President Joe Biden announced Tuesday that all adults across America will be eligible for Covid-19 shots within two weeks, while economic powerhouse California set a June 15 target to fully reopen businesses.
The positive news from the United States -- which has reported the most coronavirus deaths of any country but is now a leader in the vaccine rollout -- contrasted with a record daily toll in Brazil and Europe's troubled rollout of the AstraZeneca shot.
Biden announced in a White House speech that he is moving up the deadline for all over 18 to be eligible for vaccines to April 19. The previous target had been May 1.
"Our vaccine program is in overdrive. We're making it easier to get a vaccination shot," Biden told the nation. "We're the first country to administer 150 million shots and the first country to fully vaccinate over 62 million people."
Biden's April 19 deadline means ending restrictions by age, health issues or other categories for people wanting to get vaccinated. It would not necessarily mean that anyone could get a shot immediately, as distribution remains a work in progress.
Visiting a vaccination site in Virginia earlier, Biden said that while the worst of the pandemic is "not over yet," vaccines mean it soon could be.
"Get one quickly. That's how we're going to beat this," he said.
- California poised to reopen -
California will fully reopen by June 15 if the current rate of vaccinations continues, lifting all Covid-related restrictions on businesses and gatherings, Governor Gavin Newsom said.
The nation's most populous state has now administered 20 million vaccine doses, and will end its tier-based reopening blueprint if there are no spikes or vaccine shortages.
"We are announcing today that on June 15... we'll be getting rid of the blueprint, as you know it today. That's on June 15 if we continue the good work," said Newsom, adding that mask-wearing requirements would remain.
The California plans reinforced expectations that the mighty US economy will be vital to leading the globe back to post-pandemic business.
The International Monetary Fund said accelerated vaccines and a flood of government stimulus spending, especially in the United States, mean it now predicts global economic growth this year of 6.0 percent, up from a forecast of 5.5 percent in January.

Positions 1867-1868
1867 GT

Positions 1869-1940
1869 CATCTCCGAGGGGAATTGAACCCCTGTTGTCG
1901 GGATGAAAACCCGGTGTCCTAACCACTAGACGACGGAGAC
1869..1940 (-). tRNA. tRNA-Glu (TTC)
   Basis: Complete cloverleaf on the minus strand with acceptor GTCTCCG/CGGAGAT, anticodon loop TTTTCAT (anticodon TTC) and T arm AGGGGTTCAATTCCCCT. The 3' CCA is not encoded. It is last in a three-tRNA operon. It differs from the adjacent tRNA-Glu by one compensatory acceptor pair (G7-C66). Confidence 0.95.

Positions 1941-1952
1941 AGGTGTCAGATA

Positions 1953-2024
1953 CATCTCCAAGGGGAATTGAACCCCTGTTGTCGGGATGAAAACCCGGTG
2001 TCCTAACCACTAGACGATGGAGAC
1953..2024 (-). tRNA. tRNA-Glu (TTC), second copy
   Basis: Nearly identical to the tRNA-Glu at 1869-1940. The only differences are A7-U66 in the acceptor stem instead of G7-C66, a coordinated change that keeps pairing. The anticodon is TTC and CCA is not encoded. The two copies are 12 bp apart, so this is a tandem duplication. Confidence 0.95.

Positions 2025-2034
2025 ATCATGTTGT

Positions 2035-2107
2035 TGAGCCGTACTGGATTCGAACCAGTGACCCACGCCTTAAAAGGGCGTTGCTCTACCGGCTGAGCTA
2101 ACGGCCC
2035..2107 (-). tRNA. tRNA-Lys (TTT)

This would be in contrast to the contraction of 3.3 percent in 2020 caused by the Covid-19 pandemic -- the worst peacetime downturn since the Great Depression nearly a century ago.
"Even with high uncertainty about the path of the pandemic, a way out of this health and economic crisis is increasingly visible," IMF chief economist Gita Gopinath said.
- Focus on vaccines -
The pandemic has now killed more than 2.8 million people worldwide, upended economies and lifestyles everywhere and put huge pressure on health care systems.
On a global scale it has not abated, despite more than 660 million shots having been administered worldwide.
The coronavirus claimed 4,195 lives Tuesday in the deadliest day of the pandemic yet for hard-hit Brazil, whose total reported death toll is now nearly 337,000, second only to the United States.
Meanwhile India, a vaccine producing powerhouse, is struggling to contain a record surge in daily infections.
New Delhi on Tuesday imposed an immediate nighttime curfew, and the financial hub Mumbai imposed similar measures.
Britain is among the pace-setters for inoculations with almost half its population having received at least one jab.
In sharp contrast, many other countries in Europe are lagging behind for vaccinations and have been forced to reimpose deeply unpopular shutdowns to battle stubbornly high caseloads.
One problem in Europe has been a wave of concern over the safety of the AstraZeneca vaccine and its reported links to blood clots.
The European Medicines Agency said Tuesday it has not yet reached a conclusion on whether there is a causal link. It said it plans a press briefing later this week.
A British trial for the vaccine on children was paused Tuesday to give regulators more time to assess possible links to the rare blood clots.
Oxford University, which helped develop the vaccine, said in a statement that there were "no safety concerns" in the trial, but acknowledged public fears.
- Concerns over US caseloads -
Despite US progress, there is concern over a steady rise in Covid-19 infections, as people let down their guard, following more than a year of mask-wearing and social distancing.
Over 556,000 Americans have died from Covid-19, by the far the highest toll reported in any country. On Monday, the Johns Hopkins University tracker reported 79,075 new confirmed cases and 607 deaths.
Biden warned that the United States remains in a "life and death race" between the virus and the vaccination program.
But across the globe there was a rare breakthrough in reopening international travel when Australia and New Zealand -- both largely free of the coronavirus -- announced a two-way, quarantine-free travel corridor starting the night of April 18.
"This is the lifeline we needed; this is what we've been asking for," said Jim Boult, the mayor of Queenstown in New Zealand.